Around 2-3 days after ENom transferred the domain into our account, without any warning or any communication from either ENom or the Reseller ENom transferred the domain back to the Reseller’s control. We called them, confused, only to be told that ENom had made a mistake and that the reseller had actually responded to their service inquiries within the time limit.
We continued trying to reach the reseller and reported repeatedly to ENom that they were radio silent and ignored all of our requests for communication, a clear indicator that the reseller – which had barely any Internet presence and no social media channels – was trying to avoid us. ENom’s response was to basically shrug about it and insist there was nothing they could do. Unfortunately this kind of “hands off” approach permeates big tech companies, but this makes your company look bad. Don’t take my word for it, ENom; look at your reviews.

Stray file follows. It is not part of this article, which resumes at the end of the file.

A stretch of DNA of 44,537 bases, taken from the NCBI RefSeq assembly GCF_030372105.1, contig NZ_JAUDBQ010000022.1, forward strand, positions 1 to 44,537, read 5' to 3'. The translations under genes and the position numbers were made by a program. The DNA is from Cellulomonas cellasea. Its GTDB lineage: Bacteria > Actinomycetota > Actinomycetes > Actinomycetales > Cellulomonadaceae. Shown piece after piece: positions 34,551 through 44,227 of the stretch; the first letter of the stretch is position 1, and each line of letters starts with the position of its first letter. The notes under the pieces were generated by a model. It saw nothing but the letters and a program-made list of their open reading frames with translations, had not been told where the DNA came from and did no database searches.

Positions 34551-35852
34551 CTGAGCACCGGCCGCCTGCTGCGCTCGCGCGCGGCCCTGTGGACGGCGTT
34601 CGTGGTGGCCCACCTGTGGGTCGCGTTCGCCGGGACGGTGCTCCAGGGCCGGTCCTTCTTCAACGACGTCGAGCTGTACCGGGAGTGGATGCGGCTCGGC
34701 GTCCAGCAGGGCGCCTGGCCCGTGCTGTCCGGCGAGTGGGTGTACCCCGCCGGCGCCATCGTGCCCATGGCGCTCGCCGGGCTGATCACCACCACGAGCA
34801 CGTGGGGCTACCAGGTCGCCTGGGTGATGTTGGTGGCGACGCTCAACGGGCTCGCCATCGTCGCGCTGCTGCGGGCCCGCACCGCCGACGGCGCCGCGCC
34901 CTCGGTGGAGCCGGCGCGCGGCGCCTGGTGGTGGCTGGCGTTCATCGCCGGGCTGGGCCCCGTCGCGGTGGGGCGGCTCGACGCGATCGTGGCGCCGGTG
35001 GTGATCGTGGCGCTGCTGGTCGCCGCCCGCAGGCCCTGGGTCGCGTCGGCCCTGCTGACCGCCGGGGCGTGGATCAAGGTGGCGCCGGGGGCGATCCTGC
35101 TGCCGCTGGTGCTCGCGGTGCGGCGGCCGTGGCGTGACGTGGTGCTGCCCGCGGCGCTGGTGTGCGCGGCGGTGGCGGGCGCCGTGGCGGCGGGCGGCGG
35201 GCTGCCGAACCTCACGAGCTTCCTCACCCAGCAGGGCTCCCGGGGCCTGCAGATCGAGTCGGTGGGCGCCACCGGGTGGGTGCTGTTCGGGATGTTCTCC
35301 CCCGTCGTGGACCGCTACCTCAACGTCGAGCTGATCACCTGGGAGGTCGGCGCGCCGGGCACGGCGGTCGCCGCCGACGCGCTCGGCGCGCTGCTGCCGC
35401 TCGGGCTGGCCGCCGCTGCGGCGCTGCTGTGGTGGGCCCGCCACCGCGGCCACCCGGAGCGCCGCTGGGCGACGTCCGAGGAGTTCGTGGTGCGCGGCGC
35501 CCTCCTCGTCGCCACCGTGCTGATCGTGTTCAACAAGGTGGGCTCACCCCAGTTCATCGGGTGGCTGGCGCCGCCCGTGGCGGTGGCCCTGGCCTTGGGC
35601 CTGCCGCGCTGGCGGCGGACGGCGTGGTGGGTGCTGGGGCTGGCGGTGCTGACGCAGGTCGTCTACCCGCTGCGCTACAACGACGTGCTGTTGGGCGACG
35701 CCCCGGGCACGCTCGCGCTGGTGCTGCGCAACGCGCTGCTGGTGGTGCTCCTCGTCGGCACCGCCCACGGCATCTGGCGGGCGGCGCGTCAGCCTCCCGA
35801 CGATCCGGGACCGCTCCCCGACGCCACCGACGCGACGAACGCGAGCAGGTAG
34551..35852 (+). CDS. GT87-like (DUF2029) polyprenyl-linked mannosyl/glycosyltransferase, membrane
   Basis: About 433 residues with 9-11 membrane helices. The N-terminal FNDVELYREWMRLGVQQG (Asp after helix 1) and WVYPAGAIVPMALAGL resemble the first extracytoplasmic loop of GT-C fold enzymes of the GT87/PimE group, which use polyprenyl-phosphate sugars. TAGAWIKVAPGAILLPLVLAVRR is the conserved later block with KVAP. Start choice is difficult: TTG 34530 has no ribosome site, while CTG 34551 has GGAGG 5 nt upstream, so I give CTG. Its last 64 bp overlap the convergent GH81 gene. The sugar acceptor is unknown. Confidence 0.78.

Needless to say, we just decided to cut our losses and register a new domain. Not with ENom.
All things considered I’d still say this was a good year. Despite the bizarre behavior of these two companies there were more positives than negatives in terms of the customer service that I dealt with, even when it was service for companies that I don’t rely on regularly. Keep up the positive trend, companies; just make sure your support reps don’t ask customers to commit perjury!